Hawaiian Cultural Visual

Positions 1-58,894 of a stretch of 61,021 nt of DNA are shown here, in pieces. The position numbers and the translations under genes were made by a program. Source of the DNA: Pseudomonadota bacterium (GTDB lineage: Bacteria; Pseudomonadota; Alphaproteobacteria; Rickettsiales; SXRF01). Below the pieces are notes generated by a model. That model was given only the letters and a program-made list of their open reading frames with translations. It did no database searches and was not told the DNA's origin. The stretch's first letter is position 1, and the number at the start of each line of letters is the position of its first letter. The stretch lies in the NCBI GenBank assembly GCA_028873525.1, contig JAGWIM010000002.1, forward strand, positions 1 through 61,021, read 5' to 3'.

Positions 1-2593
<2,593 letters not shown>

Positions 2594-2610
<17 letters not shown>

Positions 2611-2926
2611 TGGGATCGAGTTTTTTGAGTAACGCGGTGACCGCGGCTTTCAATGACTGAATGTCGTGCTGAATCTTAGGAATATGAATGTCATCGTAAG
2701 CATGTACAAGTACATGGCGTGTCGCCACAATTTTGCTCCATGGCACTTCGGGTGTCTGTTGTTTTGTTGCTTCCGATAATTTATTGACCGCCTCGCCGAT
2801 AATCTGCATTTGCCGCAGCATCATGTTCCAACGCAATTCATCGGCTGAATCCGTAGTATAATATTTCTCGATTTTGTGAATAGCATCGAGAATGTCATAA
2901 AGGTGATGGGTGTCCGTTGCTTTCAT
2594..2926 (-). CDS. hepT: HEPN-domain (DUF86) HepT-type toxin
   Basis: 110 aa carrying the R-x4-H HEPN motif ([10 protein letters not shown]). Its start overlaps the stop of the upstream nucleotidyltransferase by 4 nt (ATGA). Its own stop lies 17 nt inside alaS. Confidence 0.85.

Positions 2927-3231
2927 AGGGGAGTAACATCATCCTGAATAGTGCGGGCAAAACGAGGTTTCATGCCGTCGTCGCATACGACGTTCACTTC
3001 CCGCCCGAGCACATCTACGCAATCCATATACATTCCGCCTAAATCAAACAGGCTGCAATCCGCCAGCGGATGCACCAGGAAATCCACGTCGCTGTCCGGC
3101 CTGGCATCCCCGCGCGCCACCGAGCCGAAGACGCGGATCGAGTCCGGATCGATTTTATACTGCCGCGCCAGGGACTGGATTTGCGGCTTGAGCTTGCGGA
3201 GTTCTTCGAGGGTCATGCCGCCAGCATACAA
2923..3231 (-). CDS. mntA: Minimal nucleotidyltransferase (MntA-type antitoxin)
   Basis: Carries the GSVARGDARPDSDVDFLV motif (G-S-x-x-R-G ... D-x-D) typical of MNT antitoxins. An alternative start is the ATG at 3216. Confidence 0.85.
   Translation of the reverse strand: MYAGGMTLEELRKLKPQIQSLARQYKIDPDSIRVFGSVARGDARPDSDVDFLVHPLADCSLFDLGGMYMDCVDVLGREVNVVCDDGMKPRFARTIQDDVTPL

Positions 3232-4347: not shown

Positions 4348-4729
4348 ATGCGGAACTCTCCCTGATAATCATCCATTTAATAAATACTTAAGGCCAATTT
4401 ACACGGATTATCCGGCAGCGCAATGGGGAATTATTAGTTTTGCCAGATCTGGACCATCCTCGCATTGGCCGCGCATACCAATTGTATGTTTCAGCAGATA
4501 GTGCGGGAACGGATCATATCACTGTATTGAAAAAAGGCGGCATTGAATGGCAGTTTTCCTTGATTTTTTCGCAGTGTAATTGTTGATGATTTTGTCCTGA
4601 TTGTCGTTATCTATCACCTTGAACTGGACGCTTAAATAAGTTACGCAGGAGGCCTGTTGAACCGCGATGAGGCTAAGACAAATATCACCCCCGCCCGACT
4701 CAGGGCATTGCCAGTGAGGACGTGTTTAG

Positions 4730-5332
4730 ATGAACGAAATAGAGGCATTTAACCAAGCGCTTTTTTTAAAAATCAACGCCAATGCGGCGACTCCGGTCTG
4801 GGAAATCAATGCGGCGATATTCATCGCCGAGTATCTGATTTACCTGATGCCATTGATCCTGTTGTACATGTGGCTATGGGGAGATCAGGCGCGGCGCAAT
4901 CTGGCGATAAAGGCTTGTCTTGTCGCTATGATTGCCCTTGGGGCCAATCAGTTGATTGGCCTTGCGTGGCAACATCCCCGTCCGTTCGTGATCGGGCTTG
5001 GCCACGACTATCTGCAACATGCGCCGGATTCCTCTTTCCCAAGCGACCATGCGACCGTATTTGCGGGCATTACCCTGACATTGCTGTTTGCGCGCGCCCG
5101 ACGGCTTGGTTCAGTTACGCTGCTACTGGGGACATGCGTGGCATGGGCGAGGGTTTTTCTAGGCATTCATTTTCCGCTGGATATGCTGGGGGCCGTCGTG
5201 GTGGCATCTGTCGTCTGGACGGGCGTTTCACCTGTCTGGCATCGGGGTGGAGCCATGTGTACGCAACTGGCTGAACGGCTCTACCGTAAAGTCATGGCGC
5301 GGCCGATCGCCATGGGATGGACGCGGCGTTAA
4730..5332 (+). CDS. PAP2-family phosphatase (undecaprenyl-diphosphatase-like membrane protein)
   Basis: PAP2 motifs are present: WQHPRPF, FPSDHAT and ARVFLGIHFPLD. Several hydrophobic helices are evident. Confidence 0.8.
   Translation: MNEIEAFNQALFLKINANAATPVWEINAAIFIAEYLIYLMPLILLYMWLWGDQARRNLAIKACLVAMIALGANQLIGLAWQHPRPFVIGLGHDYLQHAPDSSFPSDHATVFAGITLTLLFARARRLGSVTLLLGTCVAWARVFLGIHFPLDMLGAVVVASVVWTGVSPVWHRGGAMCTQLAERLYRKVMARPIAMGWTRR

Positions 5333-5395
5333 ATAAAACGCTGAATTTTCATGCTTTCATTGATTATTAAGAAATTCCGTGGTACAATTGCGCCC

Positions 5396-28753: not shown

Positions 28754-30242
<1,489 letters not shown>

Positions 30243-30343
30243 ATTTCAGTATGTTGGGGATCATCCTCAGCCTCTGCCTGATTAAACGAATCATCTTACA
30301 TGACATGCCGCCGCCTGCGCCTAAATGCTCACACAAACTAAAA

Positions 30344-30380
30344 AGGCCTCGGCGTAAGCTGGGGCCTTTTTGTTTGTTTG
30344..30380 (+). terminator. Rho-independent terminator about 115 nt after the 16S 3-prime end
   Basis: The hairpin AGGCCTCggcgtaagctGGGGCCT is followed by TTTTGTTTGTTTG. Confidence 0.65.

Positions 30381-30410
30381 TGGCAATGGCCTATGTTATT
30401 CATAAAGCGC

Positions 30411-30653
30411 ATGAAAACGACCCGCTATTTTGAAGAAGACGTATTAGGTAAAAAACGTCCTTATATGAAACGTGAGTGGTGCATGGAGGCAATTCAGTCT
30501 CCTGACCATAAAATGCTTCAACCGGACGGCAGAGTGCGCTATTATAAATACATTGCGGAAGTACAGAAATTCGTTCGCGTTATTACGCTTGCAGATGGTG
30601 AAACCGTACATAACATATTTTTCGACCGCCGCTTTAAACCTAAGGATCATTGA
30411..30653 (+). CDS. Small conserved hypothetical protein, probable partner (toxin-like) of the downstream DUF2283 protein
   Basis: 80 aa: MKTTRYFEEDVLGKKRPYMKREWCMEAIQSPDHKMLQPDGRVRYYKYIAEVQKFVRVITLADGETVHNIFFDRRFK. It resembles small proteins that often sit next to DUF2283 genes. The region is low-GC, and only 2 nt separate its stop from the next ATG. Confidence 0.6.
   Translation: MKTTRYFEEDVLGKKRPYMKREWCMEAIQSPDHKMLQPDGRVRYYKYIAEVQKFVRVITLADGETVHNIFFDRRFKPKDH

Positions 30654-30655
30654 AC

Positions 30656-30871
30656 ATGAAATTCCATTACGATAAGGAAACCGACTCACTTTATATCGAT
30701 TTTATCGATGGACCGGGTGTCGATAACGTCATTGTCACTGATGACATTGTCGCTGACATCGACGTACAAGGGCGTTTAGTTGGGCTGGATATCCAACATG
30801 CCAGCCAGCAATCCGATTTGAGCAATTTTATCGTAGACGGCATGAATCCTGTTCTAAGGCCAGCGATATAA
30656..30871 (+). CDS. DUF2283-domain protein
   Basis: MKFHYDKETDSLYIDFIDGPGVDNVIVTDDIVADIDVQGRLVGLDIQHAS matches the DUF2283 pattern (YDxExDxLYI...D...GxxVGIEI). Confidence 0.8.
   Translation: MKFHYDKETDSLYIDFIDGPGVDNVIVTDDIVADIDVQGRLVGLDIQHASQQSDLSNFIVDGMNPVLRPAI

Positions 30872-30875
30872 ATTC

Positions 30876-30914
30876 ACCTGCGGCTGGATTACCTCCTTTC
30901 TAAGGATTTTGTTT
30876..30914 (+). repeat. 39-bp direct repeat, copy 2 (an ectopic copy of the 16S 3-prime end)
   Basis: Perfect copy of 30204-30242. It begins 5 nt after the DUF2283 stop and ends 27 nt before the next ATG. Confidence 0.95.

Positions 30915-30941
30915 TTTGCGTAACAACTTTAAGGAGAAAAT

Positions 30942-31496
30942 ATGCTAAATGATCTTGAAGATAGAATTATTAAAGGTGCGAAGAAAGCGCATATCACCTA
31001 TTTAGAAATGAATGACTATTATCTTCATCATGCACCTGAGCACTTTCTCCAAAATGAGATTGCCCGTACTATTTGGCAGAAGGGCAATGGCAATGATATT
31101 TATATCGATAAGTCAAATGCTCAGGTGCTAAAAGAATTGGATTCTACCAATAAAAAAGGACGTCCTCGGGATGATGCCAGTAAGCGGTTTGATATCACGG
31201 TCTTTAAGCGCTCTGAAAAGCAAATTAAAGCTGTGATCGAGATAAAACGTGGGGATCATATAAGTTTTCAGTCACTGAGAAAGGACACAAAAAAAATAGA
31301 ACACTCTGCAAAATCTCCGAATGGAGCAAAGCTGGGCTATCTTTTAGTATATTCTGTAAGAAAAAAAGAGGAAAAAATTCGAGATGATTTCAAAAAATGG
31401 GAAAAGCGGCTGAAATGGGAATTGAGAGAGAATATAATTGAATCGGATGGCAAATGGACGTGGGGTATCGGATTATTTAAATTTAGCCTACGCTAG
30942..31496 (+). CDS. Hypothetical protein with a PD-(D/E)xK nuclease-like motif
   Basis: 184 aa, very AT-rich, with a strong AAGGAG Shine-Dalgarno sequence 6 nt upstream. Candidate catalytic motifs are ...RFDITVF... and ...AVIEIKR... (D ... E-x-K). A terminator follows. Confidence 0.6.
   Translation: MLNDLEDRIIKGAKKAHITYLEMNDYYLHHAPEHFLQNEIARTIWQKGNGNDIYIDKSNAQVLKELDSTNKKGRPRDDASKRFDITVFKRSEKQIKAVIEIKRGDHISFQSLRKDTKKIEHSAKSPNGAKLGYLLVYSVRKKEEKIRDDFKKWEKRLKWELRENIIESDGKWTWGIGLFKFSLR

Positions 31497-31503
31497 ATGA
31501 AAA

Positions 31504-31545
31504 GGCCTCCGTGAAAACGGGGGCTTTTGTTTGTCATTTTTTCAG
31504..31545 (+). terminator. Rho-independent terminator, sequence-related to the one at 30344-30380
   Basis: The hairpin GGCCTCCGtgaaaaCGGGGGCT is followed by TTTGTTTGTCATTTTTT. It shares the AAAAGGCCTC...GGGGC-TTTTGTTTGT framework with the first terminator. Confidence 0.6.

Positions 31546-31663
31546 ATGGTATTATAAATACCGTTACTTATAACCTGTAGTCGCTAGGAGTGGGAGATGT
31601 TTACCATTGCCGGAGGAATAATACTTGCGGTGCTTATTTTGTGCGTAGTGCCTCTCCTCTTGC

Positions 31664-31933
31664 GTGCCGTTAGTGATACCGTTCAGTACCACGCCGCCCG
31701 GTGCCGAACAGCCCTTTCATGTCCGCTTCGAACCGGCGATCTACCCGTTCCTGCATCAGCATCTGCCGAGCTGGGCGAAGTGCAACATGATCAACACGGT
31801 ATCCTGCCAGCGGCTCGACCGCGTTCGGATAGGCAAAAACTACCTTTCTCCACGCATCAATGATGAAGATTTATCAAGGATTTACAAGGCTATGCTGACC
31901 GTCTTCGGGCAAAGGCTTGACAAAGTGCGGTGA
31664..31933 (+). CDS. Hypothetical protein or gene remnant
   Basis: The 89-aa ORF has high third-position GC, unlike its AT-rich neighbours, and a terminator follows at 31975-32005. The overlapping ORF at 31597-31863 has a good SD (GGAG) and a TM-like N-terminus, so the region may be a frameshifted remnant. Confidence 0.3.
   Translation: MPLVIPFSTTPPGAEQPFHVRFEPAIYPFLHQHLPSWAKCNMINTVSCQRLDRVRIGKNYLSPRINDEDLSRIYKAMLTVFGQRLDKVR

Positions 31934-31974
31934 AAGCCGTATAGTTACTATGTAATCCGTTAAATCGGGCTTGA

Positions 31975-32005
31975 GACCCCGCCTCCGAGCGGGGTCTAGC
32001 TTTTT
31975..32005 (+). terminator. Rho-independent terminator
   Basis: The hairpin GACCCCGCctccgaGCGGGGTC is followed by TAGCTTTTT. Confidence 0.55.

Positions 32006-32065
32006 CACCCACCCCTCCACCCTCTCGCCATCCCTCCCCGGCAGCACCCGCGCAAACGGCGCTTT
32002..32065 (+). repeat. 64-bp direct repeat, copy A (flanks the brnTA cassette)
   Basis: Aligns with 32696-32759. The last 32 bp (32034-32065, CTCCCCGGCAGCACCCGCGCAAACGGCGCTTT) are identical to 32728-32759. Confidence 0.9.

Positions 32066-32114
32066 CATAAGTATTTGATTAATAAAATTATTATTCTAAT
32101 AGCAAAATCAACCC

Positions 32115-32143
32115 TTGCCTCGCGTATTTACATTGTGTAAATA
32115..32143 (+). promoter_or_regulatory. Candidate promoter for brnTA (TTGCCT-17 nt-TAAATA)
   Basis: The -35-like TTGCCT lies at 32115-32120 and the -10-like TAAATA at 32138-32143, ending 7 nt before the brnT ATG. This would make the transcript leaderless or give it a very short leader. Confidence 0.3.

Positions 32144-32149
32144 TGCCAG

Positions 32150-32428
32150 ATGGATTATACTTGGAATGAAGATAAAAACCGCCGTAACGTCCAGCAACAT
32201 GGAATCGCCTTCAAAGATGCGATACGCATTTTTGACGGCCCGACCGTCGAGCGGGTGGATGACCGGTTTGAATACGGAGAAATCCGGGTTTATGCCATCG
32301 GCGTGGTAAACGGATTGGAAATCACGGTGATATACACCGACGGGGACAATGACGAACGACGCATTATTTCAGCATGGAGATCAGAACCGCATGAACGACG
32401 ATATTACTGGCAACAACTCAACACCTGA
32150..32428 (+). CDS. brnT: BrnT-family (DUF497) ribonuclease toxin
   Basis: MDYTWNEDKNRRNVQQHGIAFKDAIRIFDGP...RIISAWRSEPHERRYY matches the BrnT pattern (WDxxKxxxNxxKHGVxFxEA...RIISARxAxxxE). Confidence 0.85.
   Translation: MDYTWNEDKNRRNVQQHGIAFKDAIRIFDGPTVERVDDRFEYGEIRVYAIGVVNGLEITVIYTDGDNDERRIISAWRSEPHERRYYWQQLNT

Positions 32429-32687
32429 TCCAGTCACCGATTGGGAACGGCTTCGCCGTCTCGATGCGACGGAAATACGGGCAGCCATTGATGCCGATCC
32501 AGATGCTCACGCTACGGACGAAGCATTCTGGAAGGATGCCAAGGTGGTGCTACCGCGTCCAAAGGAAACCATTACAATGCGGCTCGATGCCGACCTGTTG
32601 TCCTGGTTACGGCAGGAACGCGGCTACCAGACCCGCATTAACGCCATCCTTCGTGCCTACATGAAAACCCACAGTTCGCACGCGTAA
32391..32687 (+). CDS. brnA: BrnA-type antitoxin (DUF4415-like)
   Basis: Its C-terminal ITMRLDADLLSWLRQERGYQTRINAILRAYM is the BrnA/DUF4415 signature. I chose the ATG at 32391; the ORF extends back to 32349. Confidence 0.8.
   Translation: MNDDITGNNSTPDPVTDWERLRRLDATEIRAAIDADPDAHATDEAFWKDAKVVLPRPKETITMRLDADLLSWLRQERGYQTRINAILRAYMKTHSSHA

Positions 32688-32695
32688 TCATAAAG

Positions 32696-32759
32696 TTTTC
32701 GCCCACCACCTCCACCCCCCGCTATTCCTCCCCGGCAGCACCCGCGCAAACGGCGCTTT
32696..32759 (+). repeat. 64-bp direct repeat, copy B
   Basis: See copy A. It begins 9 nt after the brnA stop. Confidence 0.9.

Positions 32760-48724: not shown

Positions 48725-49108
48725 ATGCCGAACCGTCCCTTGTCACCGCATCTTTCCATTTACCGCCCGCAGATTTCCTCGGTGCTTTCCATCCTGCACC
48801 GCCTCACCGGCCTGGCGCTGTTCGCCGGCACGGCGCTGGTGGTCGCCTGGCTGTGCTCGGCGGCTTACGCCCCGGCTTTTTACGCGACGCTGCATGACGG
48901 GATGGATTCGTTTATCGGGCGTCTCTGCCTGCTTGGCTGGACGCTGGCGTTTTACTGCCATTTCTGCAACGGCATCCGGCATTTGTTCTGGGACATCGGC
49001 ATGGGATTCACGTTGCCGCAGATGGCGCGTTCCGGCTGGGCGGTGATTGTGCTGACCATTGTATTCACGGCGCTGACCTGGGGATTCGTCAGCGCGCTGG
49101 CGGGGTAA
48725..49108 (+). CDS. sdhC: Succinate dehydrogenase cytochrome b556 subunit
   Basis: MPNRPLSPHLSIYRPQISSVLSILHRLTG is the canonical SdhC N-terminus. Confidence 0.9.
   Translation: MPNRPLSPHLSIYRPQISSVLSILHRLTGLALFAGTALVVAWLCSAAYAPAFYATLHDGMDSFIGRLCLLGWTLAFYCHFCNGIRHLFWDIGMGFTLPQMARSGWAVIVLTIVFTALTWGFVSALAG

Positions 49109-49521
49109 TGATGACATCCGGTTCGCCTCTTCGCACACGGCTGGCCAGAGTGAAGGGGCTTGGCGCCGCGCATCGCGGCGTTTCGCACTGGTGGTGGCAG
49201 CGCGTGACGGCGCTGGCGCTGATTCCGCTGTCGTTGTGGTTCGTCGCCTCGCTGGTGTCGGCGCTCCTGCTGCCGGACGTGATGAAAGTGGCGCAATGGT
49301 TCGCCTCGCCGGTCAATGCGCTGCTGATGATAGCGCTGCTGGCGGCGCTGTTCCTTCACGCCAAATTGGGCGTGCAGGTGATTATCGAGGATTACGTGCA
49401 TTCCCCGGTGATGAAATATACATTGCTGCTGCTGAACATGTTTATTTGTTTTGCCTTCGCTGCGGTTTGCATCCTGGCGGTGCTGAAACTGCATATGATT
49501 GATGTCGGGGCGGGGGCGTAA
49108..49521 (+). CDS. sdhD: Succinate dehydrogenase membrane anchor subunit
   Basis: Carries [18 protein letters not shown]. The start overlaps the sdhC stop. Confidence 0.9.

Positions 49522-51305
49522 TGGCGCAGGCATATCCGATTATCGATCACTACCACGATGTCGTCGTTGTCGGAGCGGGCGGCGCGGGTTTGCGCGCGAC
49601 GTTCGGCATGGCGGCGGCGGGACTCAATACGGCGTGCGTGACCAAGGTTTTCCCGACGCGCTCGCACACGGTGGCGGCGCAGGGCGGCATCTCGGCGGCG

One bright early morning we headed to North Shore where we got to see a new part of Hawaii. It had different things to offer and we were excited to check it all out. Even in Honolulu we noticed some food trucks around and even though we heard only great things about them, the concept of the food being on the truck and served to us was still a little weird! When it came lunchtime, we, along with the rest of our group, decided to give the food trucks a try. The pricing was reasonable and came with a bunch of food and sides. Between the two of us, we had garlic shrimp, lots of rice, salad and coke.We were both very satisfied! Although they did not bring our food out at the same time, which happened at most places we ordered food yet, it was well worth the wait. This truck pictured above is the one we stopped at in North Shore and this particular company called “Blue Water Shrimp and Seafood Co. ” has multiple trucks around Hawaii. We happened to be the only ones eating there at the time but I’m sure it gets plenty of business. We ate just behind the truck which was a covered area with tables. It was nice to be in the shade after a long day in the sun but we all noticed there were quite a bit of bugs annoying us.This was both of our first times eating from a food truck. We will occasionally see some in Michigan but usually only for events and they are usually not seafood. It seemed risky but we both agree is was a great addition to our time in North Shore. Julie took this picture on July 21st. This next subject we both feel really strongly about. It’s both heartbreaking and unacceptable. The Palolo Library is the place where the students go to rent books and take them home. What the kids may not realize is how risky something as simple as that can be with the condition of these books and the library as a whole.Everything about the place needed help. The walls and ceiling needed cleaning. The shelves needed to be emptied, scrubbed and washed down. The books needed to be sorted, inspected, cleaned, entered in the computer, put in alphabetical order and then back on the shelves. This took time even when there were multiple students working. It took away from our free time but we were happy to help. In the picture you will notice gloves and masks. This was mostly because of the mold that had started to form on most the books and shelves. There were also bugs everywhere, including in some books where you can clearly see they started to eat the pages.These are little kids who are taking back books with harmful mold to their families, which is not okay. We did not hear of any instances where a child was sick because of the library but in its condition, it is only a matter of time. We were able to clean books and shelves ridding it of the mold and dirt. We know our work was really appreciated and did not go unnoticed. Julie took this picture on July 23rd and there are many more like it of everyone at work but this one showed the most people all working together for a great cause. It was fun to be working there as well.We all got to talk about experiences and get to know each other while sorting through the books. We regret that we left an incomplete project but our time on the island was over before our work on the library was. We are both curious to see how it finally turns out once all the work is done. We hope the students in Hawaii were able to help out more since we could not. It was quite the cultural shock and even though this happens to be Hawaii’s situation, we are sure there are many areas like that in Michigan too. We plan on looking into it and helping out on a similar matter more locally.One of the days we talked about that really just stood out as being interesting was the day we met with the two Hawaiian activists who introduced us to some pretty awesome things. We went on a nice shady hike through a ton of bamboo, which was so cool to see in person as opposed to furniture, and even got to see and get chunks of cinnamon from cinnamon trees. It smelt amazing! Other cool things we saw on the hike were the different sacred areas and markings on rocks as well as the rock and stone house that was made in the middle of this forest.After the hike we were even able to cut down bamboo to create instruments to blow through, which proved to be trickier than we thought. It was amazing to be able to hike this land and see these things, but the activists also shared with us how people mistreat and abuse this land. They showed us remnants of bon fires people have started and spray paint that lingered on the stone walls of the house and it is just sad because people passing through don’t know the significance of this land and the importance it is to Hawaiian culture.One of our absolute favorite days was the Saturday we spent at the community garden. The land was absolutely beautiful in the middle of a valley, all looked after by workers and members of the community. There were at least 100 volunteers that Saturday that we went which was so amazing to see. There were children, teens, middle-aged people, and even elderly there to dedicate a few hours to help out and volunteer their time. Before we all broke into groups to start our volunteer work, we all stood in a large circle.We went around, each stating our name and who we would like to be present with us during the day. We both thought that this was such a moving experience to hear from each individual and truly feel the genuine thought put into what everyone was saying was so nice. When we broke into groups, we both headed over to the kitchen with a group of ladies. Jesse was the head of this group and he was so nice to work with. Once we got into the kitchen we talked about the food we were going to make for lunch for all of the workers volunteering in the fields and other places, and the timeline we needed to finish by.It was fun to work with other people and actually physically find and use different items from the garden. All of the dishes smelled so wonderful and we were excited to try them all out! When it was time to eat, all of the volunteers met together to form a closing circle. Everyone went around and said something that they were grateful or thankful for which was again, so nice to hear. We appreciated the sincerity of these moments so much and loved being a part of such a hardworking and giving community of people. We were so fortunate to make some amazing friends during our time in Oahu.One of the coolest experiences that we had was when a few of our local friends brought us on an awesome hike down a steep clay hill where we had to use ropes to climb down. Once we got down there was the most amazing pond and waterfall that we got to climb. This led to another pond and another waterfall which we climbed and that led to the last pond and waterfall. This was a day straight out of a movie and unlike anything else we have ever seen or experienced. Meeting local people changed our whole trip because we got to see and do things we could have never dreamed of seeing or doing without them.This day and that memory of the challenging hike and amazing waterfall is one that we will never ever forget. One of our final days in Hawaii was so special and will forever resonate with us and remind us of how lucky we are to have experienced Hawaii as a whole. Our day began at 4 am and even though that is very early, we were still up and ready to go due to the excitement of the day’s activities. We were heading to Koko Head to hike and see the sunrise with our local friend Brian. He was nice enough to pick us up along with other classmates and take us to the trail. It is a rough 1400 stairs to the top.At times there was some serious doubt we would make it to the top, but after several breaks we both did it! It was extremely tiring yet incredibly worth it. We just barely beat the sunrise and were able to capture some great pictures throughout the whole experience. We are so glad we met Brian because it is not every day you meet a genuine person who is willing to go out of his way to make you have fun. He and his friends took us on many adventures and we would not have had the same experience without them. We never would have went to Koko Head and gotten to see the sunrise.It was even more special because we had all really wanted to go on the other island but it didn’t work out so this was the substitute and it ended up being more beautiful then we thought possible. Brian took this picture very early for us August 1st on the top of Koko Head. Even though you can’t see our faces we think the silhouette makes it look really unique and really highlights the Spartan flag! This was the ultimate cultural experience because you can see so many parts of Hawaii. From the top we saw mountains, valleys, beaches, cities, and so many places we had been all from so high up.